Best Closed-End Funds
July 24, 2012
Given the complexity of CEFs, are they worth the bother? There are several potential benefits to the CEF structure. First, the fund’s ability to use leverage allows more latitude in managing the portfolio. Because the fund company itself cannot be forced to redeem shares, CEFs are an excellent vehicle for portfolio of relatively illiquid assets. CEF managers do not have to maintain a balance of cash to meet potential investor redemptions. Nor do they need to be prepared to deploy large inflows of new cash (as open-end fund managers do).
CEFs are more flexible as an income-generating fund structure for these reasons. Indeed, in a survey of investors, Morningstar found that income generation was the primary motivation for choosing CEFs.
Finding the best CEFs
Analyzing CEFs is complicated because of the discount or premium of share price to NAV, the different forms of distribution (such as income or return of capital), and the variability in leverage between funds. I have created a simple approach to respond to those concerns. To judge the relative risk and yield of these funds, I looked only at the component of distributions that is attributable to traditional income streams (stock dividends and bond coupons). To this end, I based my analysis on the income-only yield data for CEFs compiled and tracked by CEFA. This allows us to look at the yield-versus-risk of a CEF to provide a baseline comparison to other income-generating asset classes.
One of the challenges in assessing CEF yields is how they are expressed. Morningstar, for example, annualizes the most recent distribution (as opposed to looking back over the last 12 months) and then calculates distribution yield from this annualized value and the current price of the CEF. CEFA, for its income-only yield, uses net income figures from the latest annual report divided by the average net assets in the fund. Both of these are reasonable approaches, but they may differ substantively if the income from a CEF varies significantly from year to year, or through the calendar year. The goal of both methods is to create a consistent projection of income, but there may be circumstances in which the most recent year’s income is not a good predictor of the next year’s, or there may be those in which annualizing the most recent income payment is a poor predictor of the entire year. I have created an additional check of both approaches simply by looking at the income distribution for 2011 (the most recent full calendar year) and the current price.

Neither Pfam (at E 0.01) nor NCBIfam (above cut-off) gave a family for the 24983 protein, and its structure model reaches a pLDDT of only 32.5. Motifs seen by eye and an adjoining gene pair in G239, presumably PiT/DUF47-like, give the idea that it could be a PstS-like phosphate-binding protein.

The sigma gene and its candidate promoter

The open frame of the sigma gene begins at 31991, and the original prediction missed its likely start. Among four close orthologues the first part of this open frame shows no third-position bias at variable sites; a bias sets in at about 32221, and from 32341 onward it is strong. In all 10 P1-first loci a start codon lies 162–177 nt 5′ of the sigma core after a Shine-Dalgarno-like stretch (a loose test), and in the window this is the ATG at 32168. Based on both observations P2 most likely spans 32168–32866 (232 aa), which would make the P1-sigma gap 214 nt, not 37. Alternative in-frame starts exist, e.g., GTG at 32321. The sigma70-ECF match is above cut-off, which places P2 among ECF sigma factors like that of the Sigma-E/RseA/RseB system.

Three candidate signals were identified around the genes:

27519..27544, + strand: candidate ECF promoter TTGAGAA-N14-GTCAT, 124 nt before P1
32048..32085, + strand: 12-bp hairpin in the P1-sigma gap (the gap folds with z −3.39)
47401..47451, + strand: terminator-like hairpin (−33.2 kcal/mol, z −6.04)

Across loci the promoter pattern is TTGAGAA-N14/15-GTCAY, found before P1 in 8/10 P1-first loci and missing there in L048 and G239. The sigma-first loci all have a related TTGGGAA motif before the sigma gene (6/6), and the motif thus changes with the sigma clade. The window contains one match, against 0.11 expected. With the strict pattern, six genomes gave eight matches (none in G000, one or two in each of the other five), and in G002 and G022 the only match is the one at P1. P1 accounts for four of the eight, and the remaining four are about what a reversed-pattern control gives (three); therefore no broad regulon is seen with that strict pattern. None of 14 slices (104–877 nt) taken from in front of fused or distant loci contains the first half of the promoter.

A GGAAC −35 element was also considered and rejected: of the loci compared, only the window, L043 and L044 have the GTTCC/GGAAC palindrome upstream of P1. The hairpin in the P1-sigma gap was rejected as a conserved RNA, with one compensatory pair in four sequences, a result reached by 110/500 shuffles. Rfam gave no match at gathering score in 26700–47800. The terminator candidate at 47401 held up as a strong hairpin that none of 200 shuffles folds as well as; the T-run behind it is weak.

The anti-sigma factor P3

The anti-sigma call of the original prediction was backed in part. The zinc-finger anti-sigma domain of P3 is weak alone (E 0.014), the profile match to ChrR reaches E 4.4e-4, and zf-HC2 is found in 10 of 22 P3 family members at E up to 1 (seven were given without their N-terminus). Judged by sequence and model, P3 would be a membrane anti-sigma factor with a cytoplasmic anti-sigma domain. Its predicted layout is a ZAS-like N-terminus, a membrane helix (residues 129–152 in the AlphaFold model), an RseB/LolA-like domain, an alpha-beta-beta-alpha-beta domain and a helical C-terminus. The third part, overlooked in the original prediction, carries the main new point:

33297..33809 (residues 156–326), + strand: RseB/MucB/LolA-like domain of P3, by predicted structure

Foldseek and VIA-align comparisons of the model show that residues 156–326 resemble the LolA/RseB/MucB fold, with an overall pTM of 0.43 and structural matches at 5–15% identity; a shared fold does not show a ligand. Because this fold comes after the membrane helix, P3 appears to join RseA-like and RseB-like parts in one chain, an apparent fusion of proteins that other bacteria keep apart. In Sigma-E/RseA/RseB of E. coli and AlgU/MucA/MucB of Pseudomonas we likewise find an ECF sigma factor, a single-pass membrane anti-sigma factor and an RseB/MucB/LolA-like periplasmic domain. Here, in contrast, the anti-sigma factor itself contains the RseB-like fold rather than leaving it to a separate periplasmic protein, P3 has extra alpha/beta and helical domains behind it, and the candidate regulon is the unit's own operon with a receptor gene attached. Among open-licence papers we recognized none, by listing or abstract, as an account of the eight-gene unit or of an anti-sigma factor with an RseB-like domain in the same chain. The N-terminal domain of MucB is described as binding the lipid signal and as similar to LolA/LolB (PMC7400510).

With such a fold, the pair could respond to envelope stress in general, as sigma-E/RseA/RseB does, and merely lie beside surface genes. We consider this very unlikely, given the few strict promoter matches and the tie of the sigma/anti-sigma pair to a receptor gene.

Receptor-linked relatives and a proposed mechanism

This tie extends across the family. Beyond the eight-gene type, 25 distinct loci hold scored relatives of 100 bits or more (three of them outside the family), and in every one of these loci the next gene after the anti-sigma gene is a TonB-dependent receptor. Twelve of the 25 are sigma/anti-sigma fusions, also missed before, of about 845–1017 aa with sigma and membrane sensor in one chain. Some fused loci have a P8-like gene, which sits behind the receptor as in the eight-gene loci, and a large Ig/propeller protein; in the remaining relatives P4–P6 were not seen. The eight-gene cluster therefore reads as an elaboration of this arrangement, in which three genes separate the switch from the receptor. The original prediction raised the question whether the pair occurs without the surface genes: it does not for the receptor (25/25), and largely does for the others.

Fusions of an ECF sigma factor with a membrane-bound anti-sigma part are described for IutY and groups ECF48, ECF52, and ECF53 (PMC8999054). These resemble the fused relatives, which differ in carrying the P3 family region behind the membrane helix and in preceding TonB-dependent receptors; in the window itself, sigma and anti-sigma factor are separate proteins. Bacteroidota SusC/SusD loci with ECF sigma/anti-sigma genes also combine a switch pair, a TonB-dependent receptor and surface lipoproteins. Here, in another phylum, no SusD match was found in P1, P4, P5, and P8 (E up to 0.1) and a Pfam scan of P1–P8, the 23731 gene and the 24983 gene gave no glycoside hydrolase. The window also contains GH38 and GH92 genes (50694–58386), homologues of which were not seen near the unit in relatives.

I selected those CEFs with (a) the highest values of CEFA’s income-only yield and (b) at least three years of history. The income-only yield provided by CEFA is based on net asset value, rather than market price of the fund shares, so I adjusted to the yields based on current market prices to create a yield that is the equivalent to the way that yields are expressed for other assets. I also subtracted the expense ratio of the fund from the yield.
I ran a Monte Carlo simulation to generate risk projections for each fund, ranking the CEFs on the basis of the ratio of yield-to-risk, using the net income-only yield, minus expenses. Among the 20 CEFs with the highest yield-to-risk ratio, I computed an income yield based on market price using the recent closing price of each CEF and the income portion of the total distribution from Morningstar. I was principally interested in identifying funds that seemed to have substantially lower incomes for the YTD or the most recent distributions than they had previously, because that indicates the fund is less likely to generate consistent income.
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